Horner agrees with Wolff: ‘Chuck the form book away’

Jon Wilde
Alex Albon's Red Bull during a practice session for the Mexican Grand Prix. Mexico City October 2019.

Alex Albon's Red Bull on track during a practice session for the Mexican Grand Prix. Mexico City October 2019.

Christian Horner does not often agree with Toto Wolff, but he has in regard to ignoring the F1 form book for the Mexico Grand Prix.

Wolff does not believe past results at certain venues will have an influence on which of Mercedes or Red Bull will have the edge at this season’s remaining races.

That, of course, only applies to Mexico, Brazil and Abu Dhabi because Qatar and Saudi Arabia are brand new countries for Formula 1.

Mexico and Brazil are expected by some pundits to suit Red Bull, as they have in the past, because of the altitude which is a help to the Honda engine.

But Wolff has pointed to examples of races this year where similar kinds of theories have gone out of the window, most recently the United States Grand Prix where Max Verstappen won for Red Bull at what had previously been a Mercedes stronghold.

Horner, whose back-and-forths with Wolff have been an amusing feature of this highly entertaining campaign, for once concurred with his oppo regarding Mexico, where Mercedes hold a 3-2 winning advantage over Red Bull since the venue was added to the calendar in 2015 (the race did not take place last year due to the pandemic).

“I think you’ve got to chuck the form book away,” said Horner, quoted by Motorsport.com.

“It’s very tight between the two teams. Mexico has been a good track for us but it’s been a good track for them as well, on occasion. So we don’t underestimate them.”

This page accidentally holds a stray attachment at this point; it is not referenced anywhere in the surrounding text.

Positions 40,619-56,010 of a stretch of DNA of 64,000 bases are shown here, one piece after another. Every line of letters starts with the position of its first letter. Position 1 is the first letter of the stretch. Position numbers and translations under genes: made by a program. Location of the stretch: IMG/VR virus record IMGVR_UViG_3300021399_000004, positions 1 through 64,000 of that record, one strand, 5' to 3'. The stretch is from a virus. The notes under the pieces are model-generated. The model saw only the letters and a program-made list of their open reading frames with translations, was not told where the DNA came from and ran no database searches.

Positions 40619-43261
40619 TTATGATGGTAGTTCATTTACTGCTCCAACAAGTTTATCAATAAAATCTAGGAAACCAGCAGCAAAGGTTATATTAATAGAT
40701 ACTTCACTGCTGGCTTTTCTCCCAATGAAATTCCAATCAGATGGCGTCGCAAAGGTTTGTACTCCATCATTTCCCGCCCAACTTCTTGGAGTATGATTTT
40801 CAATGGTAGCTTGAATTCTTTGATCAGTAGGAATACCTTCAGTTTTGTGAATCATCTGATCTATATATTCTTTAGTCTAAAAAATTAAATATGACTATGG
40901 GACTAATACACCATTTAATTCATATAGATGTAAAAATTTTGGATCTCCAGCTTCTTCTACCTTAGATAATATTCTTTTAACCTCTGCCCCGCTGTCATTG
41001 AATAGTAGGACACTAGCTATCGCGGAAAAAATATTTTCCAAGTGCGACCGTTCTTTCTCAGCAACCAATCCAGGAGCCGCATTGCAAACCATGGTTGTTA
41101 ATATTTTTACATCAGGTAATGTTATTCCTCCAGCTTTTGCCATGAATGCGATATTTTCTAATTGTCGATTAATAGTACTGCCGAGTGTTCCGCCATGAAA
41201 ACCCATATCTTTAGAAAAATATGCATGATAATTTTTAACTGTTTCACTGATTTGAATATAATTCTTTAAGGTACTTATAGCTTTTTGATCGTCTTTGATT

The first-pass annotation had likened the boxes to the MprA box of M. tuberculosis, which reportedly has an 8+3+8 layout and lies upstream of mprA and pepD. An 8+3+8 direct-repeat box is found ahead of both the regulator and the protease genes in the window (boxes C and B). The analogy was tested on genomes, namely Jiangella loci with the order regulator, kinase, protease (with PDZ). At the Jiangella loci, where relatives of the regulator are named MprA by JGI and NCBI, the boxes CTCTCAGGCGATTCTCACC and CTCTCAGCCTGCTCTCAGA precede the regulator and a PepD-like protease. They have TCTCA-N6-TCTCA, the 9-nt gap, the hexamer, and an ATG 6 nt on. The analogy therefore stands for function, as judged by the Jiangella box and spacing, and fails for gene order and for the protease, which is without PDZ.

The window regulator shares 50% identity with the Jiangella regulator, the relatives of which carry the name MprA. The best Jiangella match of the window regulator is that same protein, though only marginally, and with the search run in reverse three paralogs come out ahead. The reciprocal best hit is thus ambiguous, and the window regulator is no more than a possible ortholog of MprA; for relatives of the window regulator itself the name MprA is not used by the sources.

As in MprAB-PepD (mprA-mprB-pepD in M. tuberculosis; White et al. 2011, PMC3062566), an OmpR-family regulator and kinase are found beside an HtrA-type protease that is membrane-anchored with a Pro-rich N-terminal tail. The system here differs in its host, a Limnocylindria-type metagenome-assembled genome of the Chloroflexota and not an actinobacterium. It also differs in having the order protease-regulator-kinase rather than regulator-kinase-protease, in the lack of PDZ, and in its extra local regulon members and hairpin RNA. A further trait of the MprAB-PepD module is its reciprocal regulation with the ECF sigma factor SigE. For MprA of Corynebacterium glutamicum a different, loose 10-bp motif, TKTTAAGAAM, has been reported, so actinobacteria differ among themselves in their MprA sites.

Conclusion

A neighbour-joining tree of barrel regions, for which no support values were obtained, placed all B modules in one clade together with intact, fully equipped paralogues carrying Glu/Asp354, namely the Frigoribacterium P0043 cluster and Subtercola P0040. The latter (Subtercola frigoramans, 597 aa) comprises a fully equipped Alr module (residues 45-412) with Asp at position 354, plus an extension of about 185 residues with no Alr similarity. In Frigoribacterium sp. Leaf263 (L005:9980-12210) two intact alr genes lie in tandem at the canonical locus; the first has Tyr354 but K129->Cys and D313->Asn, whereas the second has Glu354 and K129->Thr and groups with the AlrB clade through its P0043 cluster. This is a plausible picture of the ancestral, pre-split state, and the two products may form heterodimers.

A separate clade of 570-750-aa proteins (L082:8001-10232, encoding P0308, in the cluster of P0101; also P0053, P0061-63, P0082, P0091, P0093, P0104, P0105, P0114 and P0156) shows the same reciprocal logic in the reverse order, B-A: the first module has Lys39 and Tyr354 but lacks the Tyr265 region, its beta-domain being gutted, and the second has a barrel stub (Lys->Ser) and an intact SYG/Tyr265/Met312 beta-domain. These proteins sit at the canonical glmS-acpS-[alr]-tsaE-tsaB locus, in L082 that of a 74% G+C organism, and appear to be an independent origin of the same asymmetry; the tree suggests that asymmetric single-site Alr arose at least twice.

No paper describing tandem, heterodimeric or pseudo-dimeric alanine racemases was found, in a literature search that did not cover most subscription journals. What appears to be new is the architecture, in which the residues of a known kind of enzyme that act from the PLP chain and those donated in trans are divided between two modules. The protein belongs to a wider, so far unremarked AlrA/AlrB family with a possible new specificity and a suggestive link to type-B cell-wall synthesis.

Max Verstappen ahead of Lewis Hamilton in sprint qualifying at the British GP. Silverstone July 2021.
Max Verstappen's Red Bull ahead of Lewis Hamilton's Mercedes in sprint qualifying at the British Grand Prix. Silverstone July 2021.

Verstappen’s nail-biting victory in Austin put him 12 points clear of Lewis Hamilton in the Drivers’ World Championship standings and Horner insisted, understandably, that Red Bull cannot afford to be defensive-minded over the remainder of the season – especially with 133 points still available to each driver.

“You’ve got to attack,” said the Red Bull team principal. “Twelve points is nothing, it can disappear very, very quickly as we’ve seen previously.

“So we’ve got to keep attacking race weekends and get the most out of them we possibly can. And five [races] to go, the pressure only gets bigger.”


Mercedes trackside engineering director Andrew Shovlin is aware of Red Bull’s notional advantage in Mexico and said all the reigning champions can do is put themselves in the best possible shape.

“If you look ahead to Mexico, that’s a track in the past that has suited them and the Honda power unit,” said Shovlin.

“But regardless of that, we have to arrive with a car that’s performing at the best of its ability and give a car to Lewis and Valtteri [Bottas] that allows them to do their best job.

“That’s the only thing we are working on – we aren’t really worrying about where Red Bull are.”


A near-perfect weekend for Red Bull and Verstappen

Max Verstappen and Sergio Perez both drove superbly to give Red Bull a double-podium finish in the United States.